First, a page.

We published, back in the spring, an article in the Journal of the American Medical Informatics Association (JAMIA), where we saw a direct correlation between broadband internet access and MyChart sign-up and usage. We know that neighborhoods where the population is of lower socio-economic status, broadband access it’s not as prevalent. What our study showed is that if you live in a zip code where broadband service is less, then your sign-up for electronic health record portals also is less. (Editor’s note: The study concluded that the majority of adults with outpatient visits to a large urban health care system did not use the patient portal, and initiation of use was lower for racial and ethnic minorities, persons of lower socioeconomic status, and those without neighborhood broadband internet access. These results suggest the emergence of a digital divide in patient portal use. Find the full study here.)
Another area of interest that we’ve studied, but haven’t published any findings, is that we’ve found that while it may be true that in some lower socio-economic areas, home internet access is not as prevalent as other areas, smartphones seem to be relatively ubiquitous. And, that has helped inform our personal health record strategy. We’ve had a number of conversations about this with the Epic Corporation, and our view is perhaps the prioritization of features and functions of the smartphone should take priority over personal health record functions developed for desktops or laptops or for the website. The way I would frame that is, people of higher socio-economic status probably have good home internet access and a smartphone, so presumably, they could be using a website, desktop or the smartphone, versus other people who might not have easy access to home internet or desktops, but still probably have close to the same penetration of the smartphone.
Looking broadly at the health IT industry, what are the trends are you interested in, and what developments are you watching?
There are a couple of things. I still think this idea of big data, predictive analytics, I still say it gets a lot hype, and I think that “there is a there there somewhere.” But, as a CMIO, I can’t really live so much by “I hope it’s going to work,” I have to live in the world where I need to do things that I have high confidence will work. I still don’t know where to put my money on, in that space, to a large degree, so I’m watching that area a lot.
Health information exchange is another area I’m watching, and we’re trying do a lot in that area at MetroHealth. As we move more into the ACO and pay for performance space, I think the idea of having complete information on a patient becomes more and more important. At the MetroHealth system, we’re pretty well ahead of the game because we have all providers/patients on one system (the Epic electronic health record). But, even in that model, when we’ve looked at it, something like two-thirds to three quarters of our patients get at least some care today or historically have gotten some care at another healthcare system, and if we don’t have good insight into that care that occurs and if we don’t get as much discreet data about that care as possible, then we’re not providing the highest value care to the patient. We have a number of initiatives, with the Social Security Administration, with the VA (U.S. Department of Veterans Affairs) or through the eHealth exchange and the Sequoia Project, and now with our state-based HIE and our Epic-based HIE, to really try to get as much data as possible.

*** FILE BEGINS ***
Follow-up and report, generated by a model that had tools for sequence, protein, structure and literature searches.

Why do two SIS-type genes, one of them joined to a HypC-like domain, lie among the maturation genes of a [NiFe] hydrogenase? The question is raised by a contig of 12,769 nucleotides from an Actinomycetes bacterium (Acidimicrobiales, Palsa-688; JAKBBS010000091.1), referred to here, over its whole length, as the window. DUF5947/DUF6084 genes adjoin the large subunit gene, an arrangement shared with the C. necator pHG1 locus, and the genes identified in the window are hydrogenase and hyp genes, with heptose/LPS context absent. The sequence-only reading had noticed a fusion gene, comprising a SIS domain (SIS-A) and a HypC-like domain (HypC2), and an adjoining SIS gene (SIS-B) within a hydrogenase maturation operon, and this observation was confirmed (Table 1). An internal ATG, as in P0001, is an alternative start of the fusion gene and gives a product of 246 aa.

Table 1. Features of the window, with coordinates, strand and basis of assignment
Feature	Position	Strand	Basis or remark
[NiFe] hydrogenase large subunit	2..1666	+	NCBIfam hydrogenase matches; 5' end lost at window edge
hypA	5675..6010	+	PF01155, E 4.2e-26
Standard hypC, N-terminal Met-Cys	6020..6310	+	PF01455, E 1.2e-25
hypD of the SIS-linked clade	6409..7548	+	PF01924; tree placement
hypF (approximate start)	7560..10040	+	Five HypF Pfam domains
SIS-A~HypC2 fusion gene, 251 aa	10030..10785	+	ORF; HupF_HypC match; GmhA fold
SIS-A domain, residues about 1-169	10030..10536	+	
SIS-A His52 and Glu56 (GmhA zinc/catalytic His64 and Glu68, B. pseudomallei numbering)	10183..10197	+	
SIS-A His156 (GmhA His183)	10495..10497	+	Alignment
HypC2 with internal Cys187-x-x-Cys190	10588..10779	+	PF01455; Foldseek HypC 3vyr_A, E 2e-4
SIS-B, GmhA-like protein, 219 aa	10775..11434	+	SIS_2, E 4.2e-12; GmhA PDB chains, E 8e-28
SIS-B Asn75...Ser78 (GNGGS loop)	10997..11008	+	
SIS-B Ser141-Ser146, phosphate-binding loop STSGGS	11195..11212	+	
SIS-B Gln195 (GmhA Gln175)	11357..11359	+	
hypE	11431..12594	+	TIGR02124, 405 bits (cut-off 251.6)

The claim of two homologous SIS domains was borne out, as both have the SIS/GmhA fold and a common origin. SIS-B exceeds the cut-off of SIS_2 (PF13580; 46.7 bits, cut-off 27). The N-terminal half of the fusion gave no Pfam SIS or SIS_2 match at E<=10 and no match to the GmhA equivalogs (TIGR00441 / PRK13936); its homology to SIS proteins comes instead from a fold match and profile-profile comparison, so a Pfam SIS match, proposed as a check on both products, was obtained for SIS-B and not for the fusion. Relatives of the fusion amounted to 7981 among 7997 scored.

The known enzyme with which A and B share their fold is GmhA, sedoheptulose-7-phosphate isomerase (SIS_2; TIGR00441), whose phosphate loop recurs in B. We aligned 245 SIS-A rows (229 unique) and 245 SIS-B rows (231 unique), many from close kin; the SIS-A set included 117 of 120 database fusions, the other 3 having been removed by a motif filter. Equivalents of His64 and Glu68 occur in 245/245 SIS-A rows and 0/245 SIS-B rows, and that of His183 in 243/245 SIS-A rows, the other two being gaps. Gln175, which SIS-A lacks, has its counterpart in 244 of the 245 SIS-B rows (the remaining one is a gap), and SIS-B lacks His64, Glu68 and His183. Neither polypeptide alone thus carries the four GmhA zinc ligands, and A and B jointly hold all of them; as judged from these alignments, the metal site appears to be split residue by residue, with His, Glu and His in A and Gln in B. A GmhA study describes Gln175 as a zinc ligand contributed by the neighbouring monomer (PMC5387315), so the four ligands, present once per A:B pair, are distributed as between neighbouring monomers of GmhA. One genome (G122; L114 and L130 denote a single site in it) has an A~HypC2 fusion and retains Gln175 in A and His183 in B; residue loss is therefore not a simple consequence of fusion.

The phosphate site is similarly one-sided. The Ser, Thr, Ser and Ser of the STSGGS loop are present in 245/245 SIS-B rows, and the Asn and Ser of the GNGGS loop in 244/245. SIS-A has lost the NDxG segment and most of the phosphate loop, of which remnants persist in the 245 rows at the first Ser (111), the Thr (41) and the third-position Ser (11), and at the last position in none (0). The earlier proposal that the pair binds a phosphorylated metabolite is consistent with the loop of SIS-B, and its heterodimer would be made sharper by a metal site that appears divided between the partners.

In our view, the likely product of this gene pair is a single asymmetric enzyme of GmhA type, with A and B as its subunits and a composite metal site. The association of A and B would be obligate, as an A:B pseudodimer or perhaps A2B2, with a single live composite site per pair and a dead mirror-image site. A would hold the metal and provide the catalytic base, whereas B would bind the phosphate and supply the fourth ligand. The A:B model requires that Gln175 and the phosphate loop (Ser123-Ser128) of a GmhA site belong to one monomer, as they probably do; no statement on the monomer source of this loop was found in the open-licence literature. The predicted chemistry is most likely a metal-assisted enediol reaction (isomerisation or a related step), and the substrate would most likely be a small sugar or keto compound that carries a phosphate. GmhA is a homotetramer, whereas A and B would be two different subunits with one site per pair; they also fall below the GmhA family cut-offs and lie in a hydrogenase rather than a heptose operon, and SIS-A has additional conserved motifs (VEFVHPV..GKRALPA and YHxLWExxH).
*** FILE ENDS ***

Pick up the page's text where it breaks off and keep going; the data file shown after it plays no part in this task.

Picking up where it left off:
Then this is moving more into stage 3 of Meaningful Use, where there is this requirement to reconcile external information. We’re spending a lot of time figuring out how to do that in a seamless way. I think there are many opportunities to figure out how that could work better. At this point, I see patients where I might have a medication list of 20 medications from the Cleveland Clinic and I’m trying to mesh that with the 15 medications that I have in my healthcare system already and that takes a lot of time and energy to do that. On some level, it should be value-add because you want the complete medication list on a patient, but a lot of times, it ends up being a very inefficient use of a physician’s time. So how can we make that all work better?
I’m also interested in staff satisfaction. People talk about the triple aim of health care, and then that morphed into the quadruple aim, and the difference is that the fourth aim is around staff satisfaction. We’re really trying to think about how can we use the HER, not only to help with value-base care and population health to achieve things like decreased cost, improve the health of populations and improve patient experience, but, in addition to those three things, how can we also really improve the staff experience? There have been studies that show that providers and physicians are spending hours per day charting. How can we change that paradigm so that the EHR is really improving and enhancing, not only the patient experience, but also the staff experience in taking care of patients through the EHR? That's an area that I am interested in as well.